Human Rights Campaign calls Pope Francis’ comments on gay issues ‘a remarkable moment’
The Human Rights Campaign (HRC) has called on the Catholic hierarchy to follow Pope Francis’ message, which indicated a softening of stance on gay issues.
Chad Griffin, the president of the HRC wrote an open letter on Friday addressed to the Knights of Columbus and the US Conference of Catholic Bishops.
On Thursday, Pope Francis said the Roman Catholic Church had grown “obsessed” with preaching about abortion, same-sex marriage and contraception – and that he was choosing to avoid discussing those subjects.
“This is a remarkable moment,” wrote Griffin. “In the past, the pronouncements of some leaders in the Church hierarchy have given license to those who discriminate, hate and even commit violence against LGBT people.”
“So today, in light of the Pope’s remarkable interview, I urge you to end your organization’s public opposition to legal equality for LGBT people immediately. Doing anything less will put you in direct conflict with Pope Francis’ message of welcome and mercy—and create an even greater gulf between you and the broad majority of the American Catholic laity, who support their LGBT neighbors’ freedom to marry the person they love in a civil ceremony.”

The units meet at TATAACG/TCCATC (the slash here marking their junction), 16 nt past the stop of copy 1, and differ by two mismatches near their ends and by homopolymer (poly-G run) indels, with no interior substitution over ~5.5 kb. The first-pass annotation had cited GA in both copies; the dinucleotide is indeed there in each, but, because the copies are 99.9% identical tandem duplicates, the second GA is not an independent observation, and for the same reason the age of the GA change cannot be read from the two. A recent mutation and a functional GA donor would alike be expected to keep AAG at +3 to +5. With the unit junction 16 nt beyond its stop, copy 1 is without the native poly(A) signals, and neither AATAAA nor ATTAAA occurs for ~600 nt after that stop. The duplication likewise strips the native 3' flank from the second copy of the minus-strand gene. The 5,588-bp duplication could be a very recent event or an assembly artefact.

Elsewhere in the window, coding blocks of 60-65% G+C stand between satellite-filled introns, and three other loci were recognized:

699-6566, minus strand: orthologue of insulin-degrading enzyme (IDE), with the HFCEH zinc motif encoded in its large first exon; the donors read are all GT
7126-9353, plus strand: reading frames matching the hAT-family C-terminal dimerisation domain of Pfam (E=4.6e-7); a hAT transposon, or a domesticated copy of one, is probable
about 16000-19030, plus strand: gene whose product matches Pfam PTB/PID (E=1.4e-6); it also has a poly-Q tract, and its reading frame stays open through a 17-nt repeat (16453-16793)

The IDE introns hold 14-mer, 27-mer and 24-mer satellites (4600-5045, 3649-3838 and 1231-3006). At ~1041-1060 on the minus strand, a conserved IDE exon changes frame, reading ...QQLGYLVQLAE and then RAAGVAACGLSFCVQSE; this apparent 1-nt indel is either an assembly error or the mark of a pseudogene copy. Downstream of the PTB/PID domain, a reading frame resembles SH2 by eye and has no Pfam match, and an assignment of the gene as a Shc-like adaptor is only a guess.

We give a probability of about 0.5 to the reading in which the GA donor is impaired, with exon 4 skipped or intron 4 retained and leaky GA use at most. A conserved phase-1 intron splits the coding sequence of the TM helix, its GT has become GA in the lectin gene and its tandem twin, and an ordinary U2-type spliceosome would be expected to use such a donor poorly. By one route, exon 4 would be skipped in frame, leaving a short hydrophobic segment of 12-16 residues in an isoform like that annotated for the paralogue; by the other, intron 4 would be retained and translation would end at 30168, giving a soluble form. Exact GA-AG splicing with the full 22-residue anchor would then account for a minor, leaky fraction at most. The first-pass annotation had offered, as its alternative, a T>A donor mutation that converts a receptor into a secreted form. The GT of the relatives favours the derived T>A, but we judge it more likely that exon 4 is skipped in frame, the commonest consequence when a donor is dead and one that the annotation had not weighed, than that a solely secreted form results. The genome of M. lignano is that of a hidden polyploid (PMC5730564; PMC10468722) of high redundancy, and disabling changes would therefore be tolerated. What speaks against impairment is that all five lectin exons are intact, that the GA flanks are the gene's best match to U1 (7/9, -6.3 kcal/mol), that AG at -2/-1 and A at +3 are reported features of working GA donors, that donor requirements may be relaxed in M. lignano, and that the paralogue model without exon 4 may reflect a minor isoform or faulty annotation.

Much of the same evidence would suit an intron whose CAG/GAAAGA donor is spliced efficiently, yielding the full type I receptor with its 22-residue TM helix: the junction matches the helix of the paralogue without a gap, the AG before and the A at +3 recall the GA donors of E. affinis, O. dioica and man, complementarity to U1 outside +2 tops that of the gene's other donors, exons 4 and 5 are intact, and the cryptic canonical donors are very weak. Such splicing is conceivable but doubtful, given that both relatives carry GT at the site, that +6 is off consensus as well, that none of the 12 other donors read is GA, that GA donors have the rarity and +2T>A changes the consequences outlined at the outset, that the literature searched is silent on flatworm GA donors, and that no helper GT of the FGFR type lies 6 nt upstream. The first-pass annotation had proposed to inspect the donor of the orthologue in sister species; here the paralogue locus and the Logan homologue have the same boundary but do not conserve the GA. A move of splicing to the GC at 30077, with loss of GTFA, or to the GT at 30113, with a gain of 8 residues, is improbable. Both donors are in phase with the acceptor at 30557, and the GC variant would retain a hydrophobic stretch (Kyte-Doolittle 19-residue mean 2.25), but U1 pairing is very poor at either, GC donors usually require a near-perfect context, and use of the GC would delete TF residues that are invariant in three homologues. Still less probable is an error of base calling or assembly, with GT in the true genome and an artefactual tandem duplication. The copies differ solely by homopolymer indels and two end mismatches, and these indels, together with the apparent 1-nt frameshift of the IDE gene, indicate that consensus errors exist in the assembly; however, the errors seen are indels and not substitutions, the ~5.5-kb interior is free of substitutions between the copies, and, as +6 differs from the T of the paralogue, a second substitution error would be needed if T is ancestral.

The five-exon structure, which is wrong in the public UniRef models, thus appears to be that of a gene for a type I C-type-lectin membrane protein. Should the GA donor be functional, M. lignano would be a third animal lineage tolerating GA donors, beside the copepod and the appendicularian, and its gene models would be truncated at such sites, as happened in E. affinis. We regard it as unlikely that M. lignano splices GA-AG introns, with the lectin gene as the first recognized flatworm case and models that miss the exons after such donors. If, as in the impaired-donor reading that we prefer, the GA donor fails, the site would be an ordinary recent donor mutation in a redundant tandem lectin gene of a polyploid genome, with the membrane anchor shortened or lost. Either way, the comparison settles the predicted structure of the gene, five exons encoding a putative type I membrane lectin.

The HRC has previously noted that the majority of Catholics in the US support LGBT equality.
Speaking to reporters in July during a plane journey back to the Vatican following his trip to Brazil, Pope Francis said that gay people should not be judged or marginalised and should be integrated into society.
It was a departure from a more strident tone – if not in doctrinal position – as he also referred to the Catholic Church’s universal Catechism, which states that while being gay is not sinful, homosexual acts are.
“A person once asked me, in a provocative manner, if I approved of homosexuality,” Pope Francis told La Civiltà Cattolica – after being asked about July’s comments. “I replied with another question: ‘Tell me: when God looks at a gay person, does he endorse the existence of this person with love, or reject and condemn this person?’ We must always consider the person.”